2014 Will Be Remembered as the Year of Martyred Children

2014 Will Be Remembered as the Year of Martyred Children December 31, 2014

Not for nothing did education activist and terror survivor Malala Yousafzai receive the Nobel Peace Prize in 2014. Her honor is fitting in a year that will be remembered as the year of martyred children. The terrorist group ISIS has been beheading Christian children in the streets of Iraq and Syria. Nigerian militia group Boko Haram has targeted “Western” schools, where they have slaughtered boys and sold girls into slavery. This month, in Peshawar, Pakistan, Taliban guerrillas chose a school as the scene of a massacre which makes 2012’s Sandy Hook shooting pale in comparison.

These murderous groups all call for the whole world to be enslaved to a capricious, unknowable demon-god, whose bloody demands are mediated through unaccountable leaders using their influence to spread oppression and terror. Children have become their prime symbolic targets.

Destroying the past, killing the future

Before the war in Afghanistan, the Taliban was best known for outlawing girls’ education and vandalizing sites of religious and historical significance. This trend continues with ISIS destroying many ancient churches, mosques, and cultural sites, while Boko Haram focuses its violence on educational institutions. In their view, the past has nothing to teach. Reverence for old things is idolatry.

To these cultists, the past does not matter, and the future does not exist. Their attacks on children are symbolic assaults on the future. Mass murder is praised as a righteous deed. To die in a suicide attack on innocent people is to win eternal glory. For them, people do not exist as human beings. Souls are mere symbols: either obedient slaves of the demon-god, or unbelievers who must be enslaved or destroyed. They see killing unbelievers as a religious duty. If they could destroy the whole world, it would be an acceptable act of worship to their demon-god.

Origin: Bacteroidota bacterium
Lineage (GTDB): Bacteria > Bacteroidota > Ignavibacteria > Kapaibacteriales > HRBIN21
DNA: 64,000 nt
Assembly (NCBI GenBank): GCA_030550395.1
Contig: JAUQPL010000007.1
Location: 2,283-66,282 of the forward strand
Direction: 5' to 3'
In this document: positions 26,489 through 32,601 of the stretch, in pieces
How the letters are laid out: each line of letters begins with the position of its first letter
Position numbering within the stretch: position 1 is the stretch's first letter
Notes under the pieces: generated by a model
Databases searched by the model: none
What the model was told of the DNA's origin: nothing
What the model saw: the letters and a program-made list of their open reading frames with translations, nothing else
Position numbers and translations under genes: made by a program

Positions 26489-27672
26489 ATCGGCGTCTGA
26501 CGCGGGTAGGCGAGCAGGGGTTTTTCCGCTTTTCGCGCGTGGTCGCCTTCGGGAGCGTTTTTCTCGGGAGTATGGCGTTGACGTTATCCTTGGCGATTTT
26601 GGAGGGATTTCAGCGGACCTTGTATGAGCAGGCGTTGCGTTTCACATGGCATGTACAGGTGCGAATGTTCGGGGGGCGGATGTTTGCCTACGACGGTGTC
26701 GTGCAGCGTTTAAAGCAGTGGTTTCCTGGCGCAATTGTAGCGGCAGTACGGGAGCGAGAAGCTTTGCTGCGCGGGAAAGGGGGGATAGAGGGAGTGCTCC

Light shines in darkness

On December 28, just after the joy of welcoming Jesus into the world, Christians pause to remember the infants and toddlers who the tyrant Herod slaughtered in his own attempt to extinguish the light of history. This is the dark world in which we live, a world so dark that only the intervention of a true, personal, and just God can give us hope.

The god of ISIS, Boko Haram, and the Taliban, the god of everyone who slaughters innocent children, is the old serpent, who has hated mothers and children ever since God promised our mother Eve that her offspring would crush the serpent’s head. By living, suffering and dying with us and for us, Jesus gives us the hope of a God who grieves with us: a God we can trust to save us. “The light shines in the darkness, and the darkness has not overcome it.”

A hunger for justice

When we hear of murdered children across the world—or outrages closer to home—we feel righteous anger and a hunger for justice. Jesus teaches us that we must seek peace and forgive our enemies. What can we do with our fierce desire for retribution?

Certainly governments are responsible to preserve justice and punish evil. But their ability falls short of the task. Even enlightened, democratic governments can be full of corruption and injustice, as this year’s domestic headlines show all too well.

The ultimate answer is Jesus, who entered the world to experience its violence and pain with us. He has now become the King who will execute justice upon all evil. Only Christ’s final perfect judgment can fully answer the pain in all of our hearts.

The innocent victims of Bethlehem, and every child murdered by the demon-god’s followers since then, look to Jesus for their vindication. Jesus has overcome death and the prince of darkness; he has become Lord and judge of all. The mutilated serpent still thrashes in his death agony, but his time is short, and both he and his followers will be cast out.


Schelhase-150x150Peter Schellhase studied political philosophy at Patrick Henry College, and has worked in government and nonprofits. He lives with his wife in Leesburg, Va., and serves on the vestry of a local Episcopal Church.


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